"Guernica is known throughout the world for the bombing of the civilian population," Rudd told The Associated Press, referring to the massacre during the Spanish Civil War. "We have seen evidence of that in Libya. Let us not simply stand idly by while similar atrocities are committed again."
British Prime Minister David Cameron told Parliament on Monday that he has not ruled out "use of military assets" against Libya and that the U.K. would help enforce a no-fly zone if necessary.
"We must not tolerate this regime using military force against its own people," Cameron said. "In that context, I have asked the Ministry of Defense and the chief of the defense staff to work with our allies on plans for a military no-fly zone."
In Washington, U.S. Sens. John McCain (R-AZ) and Joseph Lieberman (I-CT) said over the weekend that Washington should recognize and arm a provisional government in rebel-held areas of eastern Libya and impose a no-fly zone over the area — enforced by U.S. warplanes — to stop attacks by the regime.
Key Cities Emerge In Battle For Libya
The West also moved to send its first concrete aid to eastern Libya, which is mostly under the control of anti-government forces.
France announced that it was sending two planes with humanitarian aid to the eastern port city of Benghazi in what Prime Minister Francois Fillion described as the beginning of an operation to push Gadhafi from power.
"It will be the beginning of a massive operation of humanitarian support for the populations of liberated territories," Fillion said on RTL radio. He said Paris was studying "all solutions" — including military options — so that "Gadhafi understands that he should go, that he should leave power."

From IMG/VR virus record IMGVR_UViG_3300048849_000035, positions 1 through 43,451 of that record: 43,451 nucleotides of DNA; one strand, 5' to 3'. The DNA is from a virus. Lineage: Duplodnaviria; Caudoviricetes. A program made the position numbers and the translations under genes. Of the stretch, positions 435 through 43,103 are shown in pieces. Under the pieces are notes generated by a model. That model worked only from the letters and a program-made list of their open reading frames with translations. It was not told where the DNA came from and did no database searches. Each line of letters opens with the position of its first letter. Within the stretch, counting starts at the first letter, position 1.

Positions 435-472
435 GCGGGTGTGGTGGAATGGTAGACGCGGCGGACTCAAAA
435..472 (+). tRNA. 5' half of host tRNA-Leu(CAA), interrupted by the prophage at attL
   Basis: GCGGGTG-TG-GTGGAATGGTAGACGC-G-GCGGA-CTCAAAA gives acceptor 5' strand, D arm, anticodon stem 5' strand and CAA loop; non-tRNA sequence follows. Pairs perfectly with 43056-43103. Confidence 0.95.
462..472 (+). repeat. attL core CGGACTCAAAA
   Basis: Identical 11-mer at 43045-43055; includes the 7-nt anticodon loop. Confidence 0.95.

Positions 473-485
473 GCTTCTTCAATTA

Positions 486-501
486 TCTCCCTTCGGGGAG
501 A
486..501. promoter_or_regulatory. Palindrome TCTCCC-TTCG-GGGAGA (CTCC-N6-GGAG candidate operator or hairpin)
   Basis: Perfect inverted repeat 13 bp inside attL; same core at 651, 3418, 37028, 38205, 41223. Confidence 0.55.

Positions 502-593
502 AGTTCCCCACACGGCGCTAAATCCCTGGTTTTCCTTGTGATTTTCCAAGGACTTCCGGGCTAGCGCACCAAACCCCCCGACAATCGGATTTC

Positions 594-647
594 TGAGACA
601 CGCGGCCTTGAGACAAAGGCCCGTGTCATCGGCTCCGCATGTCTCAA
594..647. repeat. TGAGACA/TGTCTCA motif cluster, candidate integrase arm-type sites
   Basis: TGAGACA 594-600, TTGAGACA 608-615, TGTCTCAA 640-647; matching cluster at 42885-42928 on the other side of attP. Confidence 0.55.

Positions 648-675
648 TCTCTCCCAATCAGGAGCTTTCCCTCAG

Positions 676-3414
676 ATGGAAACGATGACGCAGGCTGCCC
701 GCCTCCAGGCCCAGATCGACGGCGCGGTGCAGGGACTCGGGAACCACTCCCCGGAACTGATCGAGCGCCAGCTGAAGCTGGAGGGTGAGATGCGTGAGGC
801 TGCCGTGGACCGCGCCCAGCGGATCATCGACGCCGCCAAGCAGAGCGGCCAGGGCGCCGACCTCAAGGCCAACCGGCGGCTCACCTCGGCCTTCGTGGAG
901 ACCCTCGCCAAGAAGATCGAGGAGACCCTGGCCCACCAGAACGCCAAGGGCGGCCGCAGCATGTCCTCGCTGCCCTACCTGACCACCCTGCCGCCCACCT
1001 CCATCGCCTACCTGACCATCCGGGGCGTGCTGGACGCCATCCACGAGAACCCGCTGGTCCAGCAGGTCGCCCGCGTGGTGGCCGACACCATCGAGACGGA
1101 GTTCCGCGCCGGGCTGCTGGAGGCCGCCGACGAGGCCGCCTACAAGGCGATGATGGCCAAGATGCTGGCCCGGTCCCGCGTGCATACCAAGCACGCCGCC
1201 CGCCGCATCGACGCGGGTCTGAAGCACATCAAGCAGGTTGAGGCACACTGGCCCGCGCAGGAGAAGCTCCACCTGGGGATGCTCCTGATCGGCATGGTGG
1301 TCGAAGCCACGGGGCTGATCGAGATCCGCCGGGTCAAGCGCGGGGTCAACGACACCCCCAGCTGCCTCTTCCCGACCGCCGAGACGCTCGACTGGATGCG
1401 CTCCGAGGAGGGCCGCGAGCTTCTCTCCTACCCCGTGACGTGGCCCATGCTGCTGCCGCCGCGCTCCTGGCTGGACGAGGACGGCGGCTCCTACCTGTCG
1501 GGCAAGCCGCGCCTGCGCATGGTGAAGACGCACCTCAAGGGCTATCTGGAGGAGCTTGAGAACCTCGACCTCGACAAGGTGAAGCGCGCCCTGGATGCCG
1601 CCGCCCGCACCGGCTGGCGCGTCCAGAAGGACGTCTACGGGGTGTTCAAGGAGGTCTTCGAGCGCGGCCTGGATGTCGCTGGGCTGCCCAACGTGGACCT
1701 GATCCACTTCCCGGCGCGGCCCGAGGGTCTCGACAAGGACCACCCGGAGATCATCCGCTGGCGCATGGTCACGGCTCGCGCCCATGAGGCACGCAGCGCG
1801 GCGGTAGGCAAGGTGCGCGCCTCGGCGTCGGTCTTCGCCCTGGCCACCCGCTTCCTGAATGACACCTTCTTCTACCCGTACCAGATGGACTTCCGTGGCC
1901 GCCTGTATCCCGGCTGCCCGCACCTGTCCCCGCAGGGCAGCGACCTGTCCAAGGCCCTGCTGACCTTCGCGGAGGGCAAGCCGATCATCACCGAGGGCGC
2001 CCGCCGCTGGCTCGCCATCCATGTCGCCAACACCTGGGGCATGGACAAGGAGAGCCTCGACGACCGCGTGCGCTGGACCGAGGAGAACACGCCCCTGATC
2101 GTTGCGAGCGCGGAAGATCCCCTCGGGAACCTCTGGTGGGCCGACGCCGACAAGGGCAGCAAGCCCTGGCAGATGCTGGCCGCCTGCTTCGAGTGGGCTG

On the ground in Libya, rebel forces have consolidated their hold on the east. In Benghazi, opposition leaders established a national council to manage day-to-day affairs — a step toward forming an alternative government to the existing regime.
Gadhafi remained dug in in the capital, Tripoli, backed by security forces and militias even as the opposition worked to shore up its hold on the key cities of Zawiya and Misurata.
In Zawiya, a mere 30 miles west of Tripoli, residents said they were anticipating a possible attack by pro-regime troops to try to retake the city. "Our people are waiting for them to come and, God willing, we will defeat them," a resident who only wanted to be quoted by his first name, Alaa, told AP.
Residents of Misurata, 125 miles east of Tripoli, reported that anti-government forces skirmished with troops loyal to Gadhafi overnight.
Amid the struggle for power, the town of Sirte — Gadhafi's hometown — has emerged as a key battleground. Sirte, located about halfway between Tripoli and Benghazi, remains in the hands of pro-Gadhafi forces, and rebel commanders say it has assumed strategic importance.
The city serves as "a link between the east, the west and the south. All roads go through Sirte," a local policeman named Juma'a told NPR by phone during a visit to Benghazi. He said it was defended by about 4,000 government troops and armed tribesmen loyal to Gadhafi.
"This town is very important to Gadhafi, because it's where he comes from. His tribe, his supporters, his relatives are all from there," Juma'a said. "The people of Sirte are afraid that if the regime falls there will be reprisals against them."
Hussein, the rebel commander in Benghazi, told NPR that he was calling on the people of Sirte to rise up against Gadhafi. He said his message is "you are either with us or against us."
Hussein said a government-controlled Sirte has become a major obstacle to the spread of the rebellion.
With reporting from NPR's Lourdes Garcia-Navarro in Benghazi, Libya; Eleanor Beardsley in Paris and Teri Schultz in Brussels. This story also contains material from The Associated Press.